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Wet Earth and Dreams: A Narrative of Grief and Recovery
by Jane Lazarre
Duke University Press, 1998
eISBN: 978-0-8223-7817-4 | Paper: 978-0-8223-2543-7

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ABOUT THIS BOOK
“In the spring of 1995, the condition I seem to have been waiting for all my life finally struck me.” So begins Jane Lazarre’s account of her transforming battle with breast cancer. Following in the tradition of her critically acclaimed literary memoirs The Mother Knot and Beyond the Whiteness of Whiteness: Memoir of a White Mother of Black Sons, Lazarre brilliantly interweaves her experience of life-threatening illness with other stories of recent and past losses—most notably, that of her mother to breast cancer when Jane was a small child. From these memories and experiences, Lazarre crafts a story that is at once intensely intimate and universally healing.

As she contends with the pain and many indignities of her treatment for cancer, Lazarre realizes that successful medical treatment will only be part of her healing process. Her own illness becomes the vehicle for coming to terms with key moments of loss and grief—the death of a beloved therapist from breast cancer, her brother-in-law’s death from AIDS, a traumatic disappointment in her work life, and the unresolved pain of being a motherless child. The gift of Lazarre’s writing is her ability to transform her narratives of grief and loss into a story whose power to heal lies in its ability to penetrate the unconscious and give voice to the elusive truths hidden there. Through her writing, Lazarre is able to embrace grief—even her own inarticulate grief as a child—and find her way through the story to a restored sense of wholeness.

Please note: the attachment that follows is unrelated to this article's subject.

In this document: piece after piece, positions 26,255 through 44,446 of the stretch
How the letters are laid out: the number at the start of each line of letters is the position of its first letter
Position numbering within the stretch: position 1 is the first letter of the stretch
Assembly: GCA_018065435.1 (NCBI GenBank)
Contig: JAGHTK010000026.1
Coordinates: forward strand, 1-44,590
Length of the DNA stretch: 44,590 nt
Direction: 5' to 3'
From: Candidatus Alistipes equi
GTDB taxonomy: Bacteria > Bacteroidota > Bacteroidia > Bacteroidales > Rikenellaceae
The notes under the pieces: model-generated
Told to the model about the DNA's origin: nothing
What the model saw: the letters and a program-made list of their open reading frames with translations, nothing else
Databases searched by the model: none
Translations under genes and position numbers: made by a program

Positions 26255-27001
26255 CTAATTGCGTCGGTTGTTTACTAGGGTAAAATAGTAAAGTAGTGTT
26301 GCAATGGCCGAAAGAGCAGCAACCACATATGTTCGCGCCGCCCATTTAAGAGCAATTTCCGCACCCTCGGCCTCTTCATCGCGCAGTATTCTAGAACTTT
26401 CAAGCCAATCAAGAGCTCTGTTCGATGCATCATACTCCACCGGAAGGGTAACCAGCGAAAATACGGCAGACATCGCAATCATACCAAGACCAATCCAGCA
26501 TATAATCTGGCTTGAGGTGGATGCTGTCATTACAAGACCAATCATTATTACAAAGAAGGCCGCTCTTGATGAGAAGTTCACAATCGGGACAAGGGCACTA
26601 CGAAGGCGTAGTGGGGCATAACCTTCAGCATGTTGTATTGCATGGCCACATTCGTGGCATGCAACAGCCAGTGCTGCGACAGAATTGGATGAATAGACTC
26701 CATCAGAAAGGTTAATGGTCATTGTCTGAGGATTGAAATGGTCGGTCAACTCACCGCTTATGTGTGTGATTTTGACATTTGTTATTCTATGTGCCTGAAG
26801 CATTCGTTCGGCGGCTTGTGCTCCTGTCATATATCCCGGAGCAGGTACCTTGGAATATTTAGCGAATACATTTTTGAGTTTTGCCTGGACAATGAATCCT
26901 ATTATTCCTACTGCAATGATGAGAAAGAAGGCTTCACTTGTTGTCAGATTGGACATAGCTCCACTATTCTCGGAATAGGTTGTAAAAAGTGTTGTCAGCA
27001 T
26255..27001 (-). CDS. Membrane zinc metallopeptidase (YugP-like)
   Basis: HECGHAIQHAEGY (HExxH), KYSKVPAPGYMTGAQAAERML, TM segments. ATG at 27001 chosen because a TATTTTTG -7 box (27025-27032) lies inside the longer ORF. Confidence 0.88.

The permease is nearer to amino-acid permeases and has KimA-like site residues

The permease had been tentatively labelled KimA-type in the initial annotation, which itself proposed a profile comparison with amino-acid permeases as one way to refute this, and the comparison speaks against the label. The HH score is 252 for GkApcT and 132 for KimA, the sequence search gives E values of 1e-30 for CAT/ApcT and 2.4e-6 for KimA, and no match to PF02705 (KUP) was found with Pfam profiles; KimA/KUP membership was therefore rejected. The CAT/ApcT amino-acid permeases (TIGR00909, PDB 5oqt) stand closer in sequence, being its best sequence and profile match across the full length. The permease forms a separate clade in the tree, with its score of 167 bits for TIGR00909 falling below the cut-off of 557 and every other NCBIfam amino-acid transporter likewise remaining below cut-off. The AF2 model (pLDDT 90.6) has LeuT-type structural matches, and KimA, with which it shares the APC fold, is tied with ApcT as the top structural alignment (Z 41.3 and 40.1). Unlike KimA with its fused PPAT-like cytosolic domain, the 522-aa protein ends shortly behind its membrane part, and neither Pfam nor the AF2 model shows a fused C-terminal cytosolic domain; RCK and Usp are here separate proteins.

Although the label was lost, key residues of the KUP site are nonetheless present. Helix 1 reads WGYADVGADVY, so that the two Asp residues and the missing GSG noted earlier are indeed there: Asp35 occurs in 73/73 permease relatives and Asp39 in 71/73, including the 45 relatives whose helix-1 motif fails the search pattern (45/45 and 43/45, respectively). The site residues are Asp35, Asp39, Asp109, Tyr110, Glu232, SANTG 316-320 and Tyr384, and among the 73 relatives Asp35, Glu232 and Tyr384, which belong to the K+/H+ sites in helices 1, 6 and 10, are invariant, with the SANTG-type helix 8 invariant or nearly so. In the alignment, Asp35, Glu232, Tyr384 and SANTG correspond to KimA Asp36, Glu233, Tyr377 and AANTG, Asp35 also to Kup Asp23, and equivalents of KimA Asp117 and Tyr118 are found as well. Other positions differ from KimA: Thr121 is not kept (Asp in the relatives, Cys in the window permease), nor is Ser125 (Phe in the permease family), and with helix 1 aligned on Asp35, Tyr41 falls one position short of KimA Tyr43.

In Wet Earth and Dreams Jane Lazarre once again proves herself to be both companion and guide through some of the most difficult challenges life has to offer. As always, she draws strength not only from sustaining friendship and love, but also from her own faith in the power of storytelling to make bearable the seemingly unbearable. Lazarre’s bravely and beautifully written account of grief, illness, and death is at the last a celebration of the redemptive possibilities of the creative spirit.


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